If you want to swim with the sharks, you’ve got to learn to outlast the Marlins. Or something like that. And son of a Rich Renteria, Monday night we sure as Orestes Destrade did.
On the twentieth anniversary plus one day of the evening Anthony Young didn’t just not lose to but actually won against then-expansion then-Florida, the 2013 Mets unbaned their existence by not just not losing but actually winning in Miami.
Will wonders ever cease? Well, perhaps by tonight we shall find out that they do. But for the time being, we are riding a one-game unbeaten streak at Monstrosity Park, not letting a game that was getting away fully get away, not allowing a tying run to tie it up in the ninth, not permitting a save situation to get blown to lime green smithereens.
I watched the Mets build a lead, fall behind, surge ahead and then not get caught, yet I couldn’t tell you how it happened. Sure, I could throw names like Marlon Byrd, Bobby Parnell and Ike Davis (IKE DAVIS?) at you and elaborate on their roles in the 6-5 victory, but that doesn’t explain what in the name of Bret Barberie transpired to reroute the Mets’ road to ruin.
Our boys had prepared a trap door for themselves in the ninth. Two were out. Two were on. Giancarlo Stanton was up. The Mets, improbably ahead by one, were about to slide down the chute of inevitable recriminations. For Pat Rapp’s sake, the Marlins had their primary trap door button-pusher at the ready. All Stanton had to do was give it a tap. An old foe, Juan Pierre — pinch-running for Greg Dobbs of the Bastardly Greg Dobbses — crept closer and closer to home. A new foe, Christian Yelich — 21 going on 12 by the looks of him — had used all of the veteran savvy at his disposal to work a full-count walk. Giancarlo Stanton…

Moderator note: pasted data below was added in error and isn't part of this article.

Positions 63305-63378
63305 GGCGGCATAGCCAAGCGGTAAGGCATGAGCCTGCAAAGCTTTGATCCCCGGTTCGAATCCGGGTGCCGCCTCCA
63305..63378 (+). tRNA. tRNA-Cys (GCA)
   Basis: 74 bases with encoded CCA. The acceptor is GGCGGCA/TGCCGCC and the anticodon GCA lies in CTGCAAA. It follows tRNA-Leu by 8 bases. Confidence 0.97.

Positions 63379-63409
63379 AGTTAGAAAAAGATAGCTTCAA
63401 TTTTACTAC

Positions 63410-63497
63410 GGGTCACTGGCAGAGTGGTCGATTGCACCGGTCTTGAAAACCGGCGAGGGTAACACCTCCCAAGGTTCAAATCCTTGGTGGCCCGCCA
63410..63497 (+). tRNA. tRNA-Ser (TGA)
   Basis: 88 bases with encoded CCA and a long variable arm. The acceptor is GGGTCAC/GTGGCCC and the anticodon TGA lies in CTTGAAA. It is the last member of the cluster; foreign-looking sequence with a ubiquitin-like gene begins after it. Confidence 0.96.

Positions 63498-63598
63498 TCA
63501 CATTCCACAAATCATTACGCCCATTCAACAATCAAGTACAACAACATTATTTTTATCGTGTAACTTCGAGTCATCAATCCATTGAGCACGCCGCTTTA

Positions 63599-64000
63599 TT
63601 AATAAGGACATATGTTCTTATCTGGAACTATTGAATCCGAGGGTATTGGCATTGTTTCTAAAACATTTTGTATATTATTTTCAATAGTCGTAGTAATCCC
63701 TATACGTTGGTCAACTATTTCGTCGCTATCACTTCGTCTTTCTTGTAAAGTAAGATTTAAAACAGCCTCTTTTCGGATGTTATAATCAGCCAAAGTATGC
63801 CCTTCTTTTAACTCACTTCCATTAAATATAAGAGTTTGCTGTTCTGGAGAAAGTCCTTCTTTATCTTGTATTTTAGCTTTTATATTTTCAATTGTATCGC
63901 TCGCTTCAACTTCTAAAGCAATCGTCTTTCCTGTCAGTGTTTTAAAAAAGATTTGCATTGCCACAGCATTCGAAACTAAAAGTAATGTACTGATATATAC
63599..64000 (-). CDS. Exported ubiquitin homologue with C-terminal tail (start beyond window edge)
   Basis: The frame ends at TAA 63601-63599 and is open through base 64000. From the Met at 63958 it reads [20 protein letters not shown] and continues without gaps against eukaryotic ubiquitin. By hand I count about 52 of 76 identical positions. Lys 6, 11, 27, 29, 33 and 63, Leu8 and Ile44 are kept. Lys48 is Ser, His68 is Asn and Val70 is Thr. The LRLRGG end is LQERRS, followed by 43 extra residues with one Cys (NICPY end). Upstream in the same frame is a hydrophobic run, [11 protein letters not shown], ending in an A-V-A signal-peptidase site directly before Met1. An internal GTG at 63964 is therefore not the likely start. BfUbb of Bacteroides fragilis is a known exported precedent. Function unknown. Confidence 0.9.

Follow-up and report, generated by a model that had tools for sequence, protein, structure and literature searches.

C’mon. Too obvious.
Maybe that was it. Maybe the trap door had one too many glaring lime green arrows pointing to its entrance. Fool the Mets once, shame on them. Fool the Mets five times in six games played against the last-place Marlins to date at the Loriatorium this season and perhaps they get a clue. Whatever. Stanton swung at Parnell’s first offering and grounded it to Daniel Murphy. Contrary to all Metsian-Marlinian intuition, Murphy picked up the ball and threw it to Davis without incident. Apparently, the Mets forgot to lose.
What a great game to pack up and fly home from! Sadly, three more contests remain down Clevelander way before our escape from implicit doom is scheduled. Wonders will need to continue if we’re ever going to stop assuming the worst about the Mets at the Marlins. Monday night notwithstanding, they’ve provided us ample ammunition for assumption. Then again, there was once a night when Anthony Young was surely headed for 0-14 inside the friendly confines of beautiful Shea Stadium, yet was rescued in the bottom of the ninth when the likes of Jeff McKnight, Dave Gallagher, Ryan Thompson and Eddie Murray (one of these names is not like the others) galloped to his aid. AY’s reward? He didn’t just not drop to 0-14. He rose to 1-13 and snapped a two-year, 27-decision losing streak in the process. When the Mets pulled it out on their historically beleaguered hurler’s behalf, I thought, “I’ll be a Charlie Hough’s uncle — Young finally didn’t lose!”
Whether in 2013 when visiting the Marlins or in 1993 when wallowing through six months of shit-smelling foulness you can’t even imagine, or maybe you just don’t want to, you have to revel in your redemptive triumphs where you can find them.